Sunday, June 24, 2012

Tropical Storm Debby: June 24, Update C

The 5pm update from the NHC has shifted her track to the east so the center of cone is now directly heading into the Florida Panhandle with landfall on Weds. afternoon.  They have removed the warnings for Louisiana. The ‘cone’ takes her anywhere from Alabama to the Big Bend/Cedar Key area of Florida. I think we are more on target with this. If she is heading to the western side of this range, we’ll see her turn to the north and then northwest in the next few hours, so that’s something to look out for today.

She is at 28.4N, 85.8W and still more-or-less stuck, crawling NE at 3mph. She must have had one too many martini’s yesterday! Winds are 60mph, with a central pressure of 993mb.

Her convection is currently taking a hit from many sides. Not only is she already interacting with land (as everyone in Florida can attest to!), but she is no longer over the Loop Current and there is still a little bit of shear. I mentioned these earlier today. But there is another factor that will help us a bit: the western Gulf has some dry air that she is pulling in, which is why the really strong thunderstorms are diminishing (or will be soon). You can see this in the latest infrared satellite image:
Compare this to the one I sent out earlier and you’ll see a huge reduction in the really cold cloud tops (the red areas). This means that the parts of the storm that are currently producing tornados will decrease, as will the really heavy rain over the next day or so. They won’t completely vanish, but it shouldn’t be as it was today. We’ve had a lot of rain over the past 24 hours – almost a foot in some places in Pinellas County.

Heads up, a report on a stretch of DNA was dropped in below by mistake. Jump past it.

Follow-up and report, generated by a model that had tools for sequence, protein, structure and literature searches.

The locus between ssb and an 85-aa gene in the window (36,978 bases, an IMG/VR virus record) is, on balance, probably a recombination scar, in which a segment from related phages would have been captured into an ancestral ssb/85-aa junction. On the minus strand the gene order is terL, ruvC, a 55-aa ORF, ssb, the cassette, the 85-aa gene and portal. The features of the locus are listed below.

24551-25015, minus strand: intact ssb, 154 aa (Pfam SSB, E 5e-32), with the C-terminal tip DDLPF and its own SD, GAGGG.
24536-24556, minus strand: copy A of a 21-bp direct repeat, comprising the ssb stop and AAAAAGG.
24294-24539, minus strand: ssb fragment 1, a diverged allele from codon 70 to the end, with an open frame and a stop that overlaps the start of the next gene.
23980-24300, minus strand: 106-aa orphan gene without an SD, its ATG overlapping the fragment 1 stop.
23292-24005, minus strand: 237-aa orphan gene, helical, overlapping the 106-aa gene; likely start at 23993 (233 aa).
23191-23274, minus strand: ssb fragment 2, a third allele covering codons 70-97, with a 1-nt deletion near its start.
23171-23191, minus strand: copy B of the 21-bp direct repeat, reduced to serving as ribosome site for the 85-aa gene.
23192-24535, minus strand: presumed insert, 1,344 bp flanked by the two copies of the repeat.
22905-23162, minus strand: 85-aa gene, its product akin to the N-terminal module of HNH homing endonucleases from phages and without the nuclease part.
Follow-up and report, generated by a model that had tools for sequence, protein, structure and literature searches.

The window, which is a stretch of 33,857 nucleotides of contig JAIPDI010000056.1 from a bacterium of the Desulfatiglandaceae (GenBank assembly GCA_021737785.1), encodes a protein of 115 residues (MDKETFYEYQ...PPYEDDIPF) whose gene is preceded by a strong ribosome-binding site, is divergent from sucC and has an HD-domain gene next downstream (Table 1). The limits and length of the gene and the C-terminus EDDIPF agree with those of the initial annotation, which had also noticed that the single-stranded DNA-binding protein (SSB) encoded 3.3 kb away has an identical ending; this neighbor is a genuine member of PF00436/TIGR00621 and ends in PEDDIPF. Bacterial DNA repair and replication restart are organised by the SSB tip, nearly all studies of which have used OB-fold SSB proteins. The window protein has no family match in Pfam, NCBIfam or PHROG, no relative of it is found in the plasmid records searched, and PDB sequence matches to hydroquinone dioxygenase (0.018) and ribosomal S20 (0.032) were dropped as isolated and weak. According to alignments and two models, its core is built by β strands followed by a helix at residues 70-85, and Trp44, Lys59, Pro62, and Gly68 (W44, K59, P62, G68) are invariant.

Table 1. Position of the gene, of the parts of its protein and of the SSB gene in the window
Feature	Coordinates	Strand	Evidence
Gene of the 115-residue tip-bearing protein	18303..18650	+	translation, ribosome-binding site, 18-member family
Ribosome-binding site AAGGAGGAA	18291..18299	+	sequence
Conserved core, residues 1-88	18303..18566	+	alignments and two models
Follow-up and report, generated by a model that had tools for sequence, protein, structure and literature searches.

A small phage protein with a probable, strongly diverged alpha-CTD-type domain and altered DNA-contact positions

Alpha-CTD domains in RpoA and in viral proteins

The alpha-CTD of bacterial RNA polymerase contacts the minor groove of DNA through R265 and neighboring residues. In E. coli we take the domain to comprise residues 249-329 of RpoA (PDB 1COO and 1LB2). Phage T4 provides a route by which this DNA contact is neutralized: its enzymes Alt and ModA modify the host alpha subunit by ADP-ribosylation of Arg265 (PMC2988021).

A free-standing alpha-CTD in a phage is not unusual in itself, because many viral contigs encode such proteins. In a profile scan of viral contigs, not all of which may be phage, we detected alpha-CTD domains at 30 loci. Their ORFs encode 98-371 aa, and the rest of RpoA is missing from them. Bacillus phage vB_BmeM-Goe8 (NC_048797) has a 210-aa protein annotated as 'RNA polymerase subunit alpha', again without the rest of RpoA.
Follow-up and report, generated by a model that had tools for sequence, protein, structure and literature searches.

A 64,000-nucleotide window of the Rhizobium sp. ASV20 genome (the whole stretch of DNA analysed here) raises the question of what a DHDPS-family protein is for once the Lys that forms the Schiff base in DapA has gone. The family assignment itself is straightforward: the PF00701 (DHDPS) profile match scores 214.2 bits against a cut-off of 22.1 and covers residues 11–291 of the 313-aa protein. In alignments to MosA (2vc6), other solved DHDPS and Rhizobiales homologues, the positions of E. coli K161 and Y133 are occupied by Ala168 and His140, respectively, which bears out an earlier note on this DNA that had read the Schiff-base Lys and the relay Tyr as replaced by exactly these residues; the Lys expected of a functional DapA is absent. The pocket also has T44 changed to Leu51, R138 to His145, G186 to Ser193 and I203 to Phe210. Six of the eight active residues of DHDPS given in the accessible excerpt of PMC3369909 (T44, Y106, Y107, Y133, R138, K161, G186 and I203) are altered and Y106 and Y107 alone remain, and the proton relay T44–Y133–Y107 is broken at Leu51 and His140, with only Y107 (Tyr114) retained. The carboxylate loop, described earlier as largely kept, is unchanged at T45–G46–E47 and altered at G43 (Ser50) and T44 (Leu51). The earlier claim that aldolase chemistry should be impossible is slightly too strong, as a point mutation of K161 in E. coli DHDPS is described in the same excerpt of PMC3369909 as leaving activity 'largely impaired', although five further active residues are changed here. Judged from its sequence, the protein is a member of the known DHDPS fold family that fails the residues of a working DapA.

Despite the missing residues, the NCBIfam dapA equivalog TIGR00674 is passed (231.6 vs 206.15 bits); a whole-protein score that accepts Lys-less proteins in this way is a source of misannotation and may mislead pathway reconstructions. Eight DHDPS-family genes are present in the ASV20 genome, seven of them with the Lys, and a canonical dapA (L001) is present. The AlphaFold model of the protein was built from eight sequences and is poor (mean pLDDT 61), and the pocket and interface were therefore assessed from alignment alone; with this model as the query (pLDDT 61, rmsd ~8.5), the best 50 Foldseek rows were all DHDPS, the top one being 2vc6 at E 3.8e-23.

However the wind shear has definitely decreased and with that her circulation has improved in all levels of the troposphere. If she had more convection, she would be a category 1. This means that even though the convection won’t be as ferocious, it will still be windy tomorrow and on Tuesday at least. There are two problems with this. First, because she is not moving very quickly, water from the Gulf will continue to be pushed on-shore along some parts of the coast. Water moves (along with the winds) in an anti-clockwise direction around a low pressure like Debby. Her center is north of Tampa Bay, so the water will be blowing into Tampa Bay. On the other hand, water will be blowing away from the coast on the northwestern edge of her circulation. This will mean that the coastal flooding will continue. Currently the surge is 2.5 ft above the normal tide in the St. Petersburg area, and 3ft above the normal tide in Apalachicola. We are at high tide in many places now though, so actual water levels are much higher. The second problem is that as her wind field strengthens and expands, she will be pulling in moisture from a larger part of the Gulf. This may result in more convective activity– she is already pulling thunderstorms from the Yucatan area into the northeastern Gulf and across Florida.. So… depending on how long she stays in the Gulf, she may actually become a hurricane before all is said and done.

A lot of reports of damage from downed trees, tornados and high water are coming in. Thanks to all the intrepid reporters on the ground who are sending me videos and photos! I am going to try and put a couple of videos from Steve M. from St. Petersburg on my blog ( One was at Pinellas Point just after noon today:

The dock that is in that video was destroyed four hours later. He also sent me a video from Coffee Pot Bayou in St. Petersburg at 5.40pm, which shows a lot of flooding:

From Shore Acres in St. Petersburg, Molly M. sent this photo of a car driving through some of the street flooding:

Also here is a photo of a downed tree branch from Dawn M. in St. Pete (luckily it missed her house):

It is now just windy where I am. The rain has lightened up and the sky is brighter. It’s wine-o-clock! Yay! I’ll attach more photos in the next update.

Stay safe out there!
More later,

p.s. I’m sick of ice cream. For today anyway. ;-)

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DISCLAIMER: These remarks are just what I think/see regarding tropical storms - not the opinion of any organization I represent. If you are making an evacuation decision, please heed your local emergency management and the National Hurricane Center's official forecast and the National Weather Service announcements. This is not an official forecast. If I "run away, run away" (Monty Python), I'll let you know.

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